Are you pushing their buttons?
Law graduates of today are at home on the
internet. They have been using the web for more than a decade,
downloading the music, buying on Ebay, socialising via online
communities like YouTube, My Space and Facebook and more recently Twitter; the internet is their first choice for research and
communication. Are you interacting with them or just talking to them?
recruitment has undergone major changes over recent years, as online
technologies have seen increasing numbers of employers direct their
recruitment initiatives primarily online. Traditional print based
recruitment leaflets, brochures and advertising obviously still has its
place and the big law firms will still continue to make presentations
on university campuses and at job fairs. However most firms are now
using their web sites to, at least, handle initial job application
Today's graduates are at home on
the internet. They have been using the web for a decade or more,
downloading music, buying clothes online and then selling them
again on Ebay, socialising via online communities like YouTube, and My
Space and chatting through Messenger and Twitter; the internet is without a
doubt the medium they turn to first.
is not surprising then that applying for a job online is like falling
out of bed. According to a recent survey in the FT last summer, 235
leading UK employers for the Association of Graduate Recruiters found
that 70 per cent of companies accepted only online applications. Just 2
per cent accepted only paper applications.
The advantages of shifting as much as possible of the graduate
recruitment process online are easy to identify. For a mid size or
large UK law firm, for example, which receives hundreds of graduate
applications each year the time saved could be the difference between
winning and losing a top candidate, and competition between city law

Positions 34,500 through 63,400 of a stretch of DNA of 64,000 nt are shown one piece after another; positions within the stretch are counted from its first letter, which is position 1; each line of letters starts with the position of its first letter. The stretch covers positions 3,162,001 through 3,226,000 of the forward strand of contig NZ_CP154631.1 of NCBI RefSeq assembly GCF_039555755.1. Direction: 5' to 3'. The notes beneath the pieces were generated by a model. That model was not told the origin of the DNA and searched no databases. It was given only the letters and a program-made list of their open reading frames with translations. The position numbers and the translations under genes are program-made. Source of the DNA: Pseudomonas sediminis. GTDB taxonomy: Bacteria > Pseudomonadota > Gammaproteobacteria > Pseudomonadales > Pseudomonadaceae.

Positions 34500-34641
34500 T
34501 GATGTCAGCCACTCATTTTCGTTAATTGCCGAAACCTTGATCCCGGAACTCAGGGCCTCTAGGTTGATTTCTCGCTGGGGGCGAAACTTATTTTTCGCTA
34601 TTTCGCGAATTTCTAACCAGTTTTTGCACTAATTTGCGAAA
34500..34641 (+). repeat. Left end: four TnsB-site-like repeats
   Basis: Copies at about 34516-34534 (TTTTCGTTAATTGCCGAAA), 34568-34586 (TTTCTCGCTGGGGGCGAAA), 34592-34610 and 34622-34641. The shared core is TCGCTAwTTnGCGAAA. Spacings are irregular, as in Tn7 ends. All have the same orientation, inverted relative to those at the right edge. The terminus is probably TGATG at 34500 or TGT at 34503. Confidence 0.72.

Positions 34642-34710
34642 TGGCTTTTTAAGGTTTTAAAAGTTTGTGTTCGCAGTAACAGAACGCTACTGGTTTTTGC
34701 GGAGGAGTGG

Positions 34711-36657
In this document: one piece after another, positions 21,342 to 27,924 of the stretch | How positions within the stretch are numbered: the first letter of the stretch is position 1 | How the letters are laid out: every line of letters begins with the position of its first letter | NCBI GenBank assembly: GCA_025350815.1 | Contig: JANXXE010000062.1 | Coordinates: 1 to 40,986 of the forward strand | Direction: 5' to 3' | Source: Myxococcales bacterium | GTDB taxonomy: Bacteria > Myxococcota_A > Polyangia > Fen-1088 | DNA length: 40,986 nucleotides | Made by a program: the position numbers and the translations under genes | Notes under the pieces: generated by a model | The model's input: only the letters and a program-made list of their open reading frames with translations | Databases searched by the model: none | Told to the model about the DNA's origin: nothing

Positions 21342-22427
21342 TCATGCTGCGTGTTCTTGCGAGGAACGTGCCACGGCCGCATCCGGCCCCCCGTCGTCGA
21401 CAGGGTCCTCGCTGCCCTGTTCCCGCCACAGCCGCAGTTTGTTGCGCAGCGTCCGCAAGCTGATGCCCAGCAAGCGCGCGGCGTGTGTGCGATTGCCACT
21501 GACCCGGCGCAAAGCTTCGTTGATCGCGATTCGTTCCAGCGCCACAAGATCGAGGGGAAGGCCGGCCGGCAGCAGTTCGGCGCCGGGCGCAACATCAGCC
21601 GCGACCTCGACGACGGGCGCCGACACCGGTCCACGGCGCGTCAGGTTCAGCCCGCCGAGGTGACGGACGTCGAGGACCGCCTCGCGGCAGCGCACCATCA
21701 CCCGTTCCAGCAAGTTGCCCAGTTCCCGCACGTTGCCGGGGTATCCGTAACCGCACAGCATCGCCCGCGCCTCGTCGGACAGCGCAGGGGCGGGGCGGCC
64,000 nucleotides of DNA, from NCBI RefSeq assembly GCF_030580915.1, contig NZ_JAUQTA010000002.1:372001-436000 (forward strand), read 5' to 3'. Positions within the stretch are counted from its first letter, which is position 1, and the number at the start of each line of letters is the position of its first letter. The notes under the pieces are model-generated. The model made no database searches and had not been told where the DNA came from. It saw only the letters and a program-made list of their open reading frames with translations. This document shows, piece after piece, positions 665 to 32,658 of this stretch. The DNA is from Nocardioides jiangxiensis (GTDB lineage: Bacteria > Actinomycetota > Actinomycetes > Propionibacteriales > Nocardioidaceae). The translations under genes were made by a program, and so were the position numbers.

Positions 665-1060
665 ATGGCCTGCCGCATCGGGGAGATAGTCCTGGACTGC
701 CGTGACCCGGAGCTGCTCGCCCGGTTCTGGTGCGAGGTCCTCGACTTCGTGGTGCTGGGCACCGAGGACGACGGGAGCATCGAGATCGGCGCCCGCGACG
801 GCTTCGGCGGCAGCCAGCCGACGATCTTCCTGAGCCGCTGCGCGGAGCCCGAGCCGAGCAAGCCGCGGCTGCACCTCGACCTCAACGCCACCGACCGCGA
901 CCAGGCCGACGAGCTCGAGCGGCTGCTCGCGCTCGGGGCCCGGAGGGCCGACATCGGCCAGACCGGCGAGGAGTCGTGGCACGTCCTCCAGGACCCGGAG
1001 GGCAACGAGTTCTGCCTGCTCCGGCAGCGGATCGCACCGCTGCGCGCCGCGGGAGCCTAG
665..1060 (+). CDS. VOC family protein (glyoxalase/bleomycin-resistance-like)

firms is intense.
advantage of the the internet is the access to a potentially much wider
graduate pool from both home and abroad. Most students will have access
to the internet and in most cases use the internet to do their initial
employer background research. They will therefore form their initial
judgments based on the strength of a particular firm's website, it's
look and feel and it's content and online submission processes.
Speed and efficiency
According to a recent FT article, for accountancy group KPMG, the
online application process is compulsory for its own graduate
recruitment, and they say the impact on efficiency has been huge.
Previously a large amount of time would be taken sending rejection
letters, they say, but the new system helps filter candidates more thoroughly
and ensures the company's ability to get back to both successful and
unsuccessful candidates as quickly as possible. The speed factor is
helpful to candidates, too, as they spend less time in limbo waiting
for an answer. Long before an application form is completed, however,
the internet can help students decide whether a company is really for
them or not. These “self deselection” tools are now quite common on
many law firm websites and are becoming ever more sophisticated and
In terms of the application process itself, the balance between online
and traditional elements may not change too much in the future, apart
from the possibility of more interviewing via web-based
videoconferencing. There is likely, however, to be a lot more use of the internet by
employers for making much earlier contact with
potential employees, long before an application form is considered.
Social community sites such as MySpace, YouTube and Facebook open up a
new forum for employers to make contact with potential new recruits.
These social search networks owe their growth to the power of viral
marketing and have huge potential to firms trying to tap into and
communicate with students and graduates. Success in targeting these
communities as with traditional online forums is most importantly based
on how you do it.
bottom line is that most UK law firms still treat online recruitment
with a distinct lack of imagination and insight. Some have attempted to
address the issue with no more than a couple of favourable quotes from
last years trainees plus an online form. While others, including
several magic circle firms, have concentrated on standalone microsites
with a dry static mix of FAQ style content.
interactive, structured graduate content or microsites that are
cleverly presented to engage today's students and graduates on their
own level and in their own environment are sadly in short supply.
Go on expose yourself - talk to us on 01462 790470